The boys standing by a huge Lego giraffe at Legoland

The boys standing by a huge Lego giraffe at LEGOLAND

 

So on our mini-vacation, this past weekend, we went to Chicago and tried to make it fun for the kids—riding the train into downtown, going to Skydeck Ledge, visiting Legoland… even getting to try authentic Chicago-style deep dish pizza.

 

Yes, we were actually all brave enough to step out over the city at the Skydeck Ledge (photo via: theskydeckledge.com)

Yes, we were actually all brave enough to step out over the city at the Skydeck Ledge (photo via: theskydeckledge.com)

 

But the event that stood out to me this weekend was brunch at the hotel on Sunday morning. It was crowded. Really crowded. There was a long line for the waffle maker, and of course, the kids wanted waffles. There were no tables big enough for our party of five. But there was a table in the corner for two. So I asked an elderly couple sitting close by, if we could borrow a couple of chairs from their table. They indicated that no one was sitting there, so I scooted them over to our table. Ok. Now the kids could be seated while I worked on getting their breakfast and my husband could watch them to make sure no one got away. Whew. See what I mean, even just getting a table for breakfast was work. So I got the boys eggs and some cereal to be eating. Then went back up for extra plates, napkins and silverware. Work. Then back up for water and orange juice. Work. Everyone was happy—sort of, “Mom, can I please have a waffle?” Of course, the little guy only wanted pancakes. And there were no pancakes.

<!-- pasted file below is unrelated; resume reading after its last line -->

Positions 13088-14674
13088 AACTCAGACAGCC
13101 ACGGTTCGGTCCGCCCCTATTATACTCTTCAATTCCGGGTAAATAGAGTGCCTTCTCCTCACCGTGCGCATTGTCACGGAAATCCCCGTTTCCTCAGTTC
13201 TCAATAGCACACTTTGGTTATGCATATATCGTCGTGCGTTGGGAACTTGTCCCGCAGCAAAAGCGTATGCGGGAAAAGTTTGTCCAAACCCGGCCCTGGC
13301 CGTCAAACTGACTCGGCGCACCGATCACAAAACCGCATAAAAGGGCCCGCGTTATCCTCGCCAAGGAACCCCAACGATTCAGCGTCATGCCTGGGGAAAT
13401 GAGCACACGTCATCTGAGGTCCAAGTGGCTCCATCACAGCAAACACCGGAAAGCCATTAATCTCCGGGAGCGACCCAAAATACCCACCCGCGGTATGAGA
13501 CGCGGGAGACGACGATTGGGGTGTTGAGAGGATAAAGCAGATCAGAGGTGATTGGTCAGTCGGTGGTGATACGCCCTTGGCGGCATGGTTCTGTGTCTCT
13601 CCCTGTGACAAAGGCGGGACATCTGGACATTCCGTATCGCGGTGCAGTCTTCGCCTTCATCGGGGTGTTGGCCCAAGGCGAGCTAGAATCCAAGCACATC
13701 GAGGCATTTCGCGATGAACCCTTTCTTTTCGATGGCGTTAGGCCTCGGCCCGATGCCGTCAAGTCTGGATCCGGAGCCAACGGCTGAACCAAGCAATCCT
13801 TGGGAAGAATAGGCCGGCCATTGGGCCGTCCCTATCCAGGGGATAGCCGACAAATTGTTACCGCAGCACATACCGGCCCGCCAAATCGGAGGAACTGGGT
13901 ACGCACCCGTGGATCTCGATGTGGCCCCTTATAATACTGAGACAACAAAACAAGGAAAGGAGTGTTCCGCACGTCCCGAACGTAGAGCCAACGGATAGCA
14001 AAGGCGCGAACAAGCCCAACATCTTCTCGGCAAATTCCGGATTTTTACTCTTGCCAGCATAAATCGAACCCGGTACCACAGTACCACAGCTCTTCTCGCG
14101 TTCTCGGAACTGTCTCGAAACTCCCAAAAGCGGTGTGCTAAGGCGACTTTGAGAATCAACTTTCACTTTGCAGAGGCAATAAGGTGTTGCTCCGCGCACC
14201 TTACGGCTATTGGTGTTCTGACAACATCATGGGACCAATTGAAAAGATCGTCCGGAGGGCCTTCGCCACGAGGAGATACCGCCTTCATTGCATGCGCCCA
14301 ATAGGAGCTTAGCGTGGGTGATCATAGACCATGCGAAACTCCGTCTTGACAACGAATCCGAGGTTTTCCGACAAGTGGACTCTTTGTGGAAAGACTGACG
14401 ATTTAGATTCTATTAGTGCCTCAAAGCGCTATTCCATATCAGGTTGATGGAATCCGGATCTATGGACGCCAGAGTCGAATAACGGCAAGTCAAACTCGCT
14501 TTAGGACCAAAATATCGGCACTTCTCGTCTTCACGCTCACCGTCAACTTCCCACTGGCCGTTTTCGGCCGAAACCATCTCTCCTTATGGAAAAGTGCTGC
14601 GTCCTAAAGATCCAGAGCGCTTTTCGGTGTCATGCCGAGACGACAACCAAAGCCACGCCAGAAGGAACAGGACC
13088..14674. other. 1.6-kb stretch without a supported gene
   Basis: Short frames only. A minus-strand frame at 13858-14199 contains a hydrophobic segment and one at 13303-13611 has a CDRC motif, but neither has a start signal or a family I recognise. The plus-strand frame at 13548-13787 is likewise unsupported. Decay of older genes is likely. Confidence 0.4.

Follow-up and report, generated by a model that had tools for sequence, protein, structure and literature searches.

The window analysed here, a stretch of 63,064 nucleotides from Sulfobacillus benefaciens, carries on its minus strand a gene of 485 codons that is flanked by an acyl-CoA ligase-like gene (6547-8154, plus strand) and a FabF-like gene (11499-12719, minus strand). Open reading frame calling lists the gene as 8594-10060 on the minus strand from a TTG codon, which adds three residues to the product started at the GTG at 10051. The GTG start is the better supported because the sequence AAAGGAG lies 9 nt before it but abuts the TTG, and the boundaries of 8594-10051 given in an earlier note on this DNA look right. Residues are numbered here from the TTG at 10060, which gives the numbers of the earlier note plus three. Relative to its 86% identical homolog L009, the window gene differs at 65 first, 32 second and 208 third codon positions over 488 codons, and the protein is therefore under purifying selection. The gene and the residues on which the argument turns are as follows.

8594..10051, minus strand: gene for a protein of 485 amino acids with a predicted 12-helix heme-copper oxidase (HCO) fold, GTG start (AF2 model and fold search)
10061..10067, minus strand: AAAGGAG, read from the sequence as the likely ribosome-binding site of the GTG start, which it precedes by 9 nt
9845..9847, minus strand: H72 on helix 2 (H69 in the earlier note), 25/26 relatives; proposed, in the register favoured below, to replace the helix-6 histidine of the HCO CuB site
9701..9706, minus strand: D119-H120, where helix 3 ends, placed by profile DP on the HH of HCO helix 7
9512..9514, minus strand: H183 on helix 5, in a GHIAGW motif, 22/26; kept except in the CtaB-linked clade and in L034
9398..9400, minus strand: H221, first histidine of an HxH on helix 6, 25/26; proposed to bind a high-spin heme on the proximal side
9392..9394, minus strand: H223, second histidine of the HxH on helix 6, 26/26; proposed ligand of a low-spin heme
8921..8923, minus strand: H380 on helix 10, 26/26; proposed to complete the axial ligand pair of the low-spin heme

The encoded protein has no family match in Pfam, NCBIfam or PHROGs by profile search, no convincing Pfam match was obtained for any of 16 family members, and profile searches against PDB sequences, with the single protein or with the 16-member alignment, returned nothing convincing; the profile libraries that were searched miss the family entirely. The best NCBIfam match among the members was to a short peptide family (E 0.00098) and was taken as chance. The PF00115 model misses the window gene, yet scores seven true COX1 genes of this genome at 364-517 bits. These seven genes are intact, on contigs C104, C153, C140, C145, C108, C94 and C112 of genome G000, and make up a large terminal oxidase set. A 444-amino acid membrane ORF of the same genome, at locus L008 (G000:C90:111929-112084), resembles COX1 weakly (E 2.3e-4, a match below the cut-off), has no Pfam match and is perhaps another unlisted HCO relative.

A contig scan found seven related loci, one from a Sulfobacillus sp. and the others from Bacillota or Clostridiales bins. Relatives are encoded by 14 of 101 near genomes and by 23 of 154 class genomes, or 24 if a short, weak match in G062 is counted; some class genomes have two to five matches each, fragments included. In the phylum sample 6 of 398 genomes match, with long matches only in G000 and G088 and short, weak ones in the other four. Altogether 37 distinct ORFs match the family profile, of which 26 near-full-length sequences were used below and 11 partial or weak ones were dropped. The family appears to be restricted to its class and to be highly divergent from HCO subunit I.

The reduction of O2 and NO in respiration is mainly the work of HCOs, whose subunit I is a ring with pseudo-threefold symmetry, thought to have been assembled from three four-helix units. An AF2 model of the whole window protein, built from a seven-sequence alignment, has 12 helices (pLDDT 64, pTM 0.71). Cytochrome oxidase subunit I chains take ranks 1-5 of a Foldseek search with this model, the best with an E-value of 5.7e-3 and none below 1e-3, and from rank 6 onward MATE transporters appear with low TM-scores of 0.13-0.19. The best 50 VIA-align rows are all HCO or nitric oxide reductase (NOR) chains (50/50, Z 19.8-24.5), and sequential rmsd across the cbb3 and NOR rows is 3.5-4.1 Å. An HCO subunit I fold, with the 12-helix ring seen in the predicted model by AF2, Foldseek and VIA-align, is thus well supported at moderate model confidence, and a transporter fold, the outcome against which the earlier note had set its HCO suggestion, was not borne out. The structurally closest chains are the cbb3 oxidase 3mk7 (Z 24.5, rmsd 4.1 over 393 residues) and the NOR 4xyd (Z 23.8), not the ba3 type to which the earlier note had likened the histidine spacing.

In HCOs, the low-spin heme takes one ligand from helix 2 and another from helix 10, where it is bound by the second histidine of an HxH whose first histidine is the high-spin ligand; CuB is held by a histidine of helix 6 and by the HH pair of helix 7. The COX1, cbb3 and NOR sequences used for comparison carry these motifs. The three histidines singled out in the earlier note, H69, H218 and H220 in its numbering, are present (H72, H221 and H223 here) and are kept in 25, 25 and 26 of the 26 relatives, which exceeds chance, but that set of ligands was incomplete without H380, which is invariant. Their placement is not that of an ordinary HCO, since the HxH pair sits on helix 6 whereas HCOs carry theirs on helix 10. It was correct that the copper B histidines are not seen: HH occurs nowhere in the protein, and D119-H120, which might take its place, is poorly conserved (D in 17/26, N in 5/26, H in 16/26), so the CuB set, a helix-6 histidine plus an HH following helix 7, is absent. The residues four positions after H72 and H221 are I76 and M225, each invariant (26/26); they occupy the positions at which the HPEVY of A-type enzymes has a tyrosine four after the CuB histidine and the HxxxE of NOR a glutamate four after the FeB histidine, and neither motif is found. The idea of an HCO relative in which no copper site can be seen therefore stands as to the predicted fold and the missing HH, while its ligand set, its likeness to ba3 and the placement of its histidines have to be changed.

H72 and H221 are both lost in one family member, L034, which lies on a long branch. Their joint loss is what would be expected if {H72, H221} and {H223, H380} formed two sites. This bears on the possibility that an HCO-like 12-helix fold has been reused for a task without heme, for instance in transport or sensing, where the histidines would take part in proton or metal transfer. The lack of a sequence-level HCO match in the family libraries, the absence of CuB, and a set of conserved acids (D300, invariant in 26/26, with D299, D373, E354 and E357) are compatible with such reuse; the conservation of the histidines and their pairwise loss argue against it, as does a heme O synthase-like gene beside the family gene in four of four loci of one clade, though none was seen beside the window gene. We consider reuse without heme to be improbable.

By this time, the line died down for waffles, so I put some batter in the waffle maker and even got my husband some eggs and juice to be eating while he made sure no one escaped. Finally, we had a waffle. So everyone was happy. Time to relax and eat my breakfast. Then the little guy spilled his water—and started to cry. I told him it was ok… And as I tried to make my way around the table (it was very crowded, so I had to go past that elderly couple again), that sweet elderly lady stopped me and said,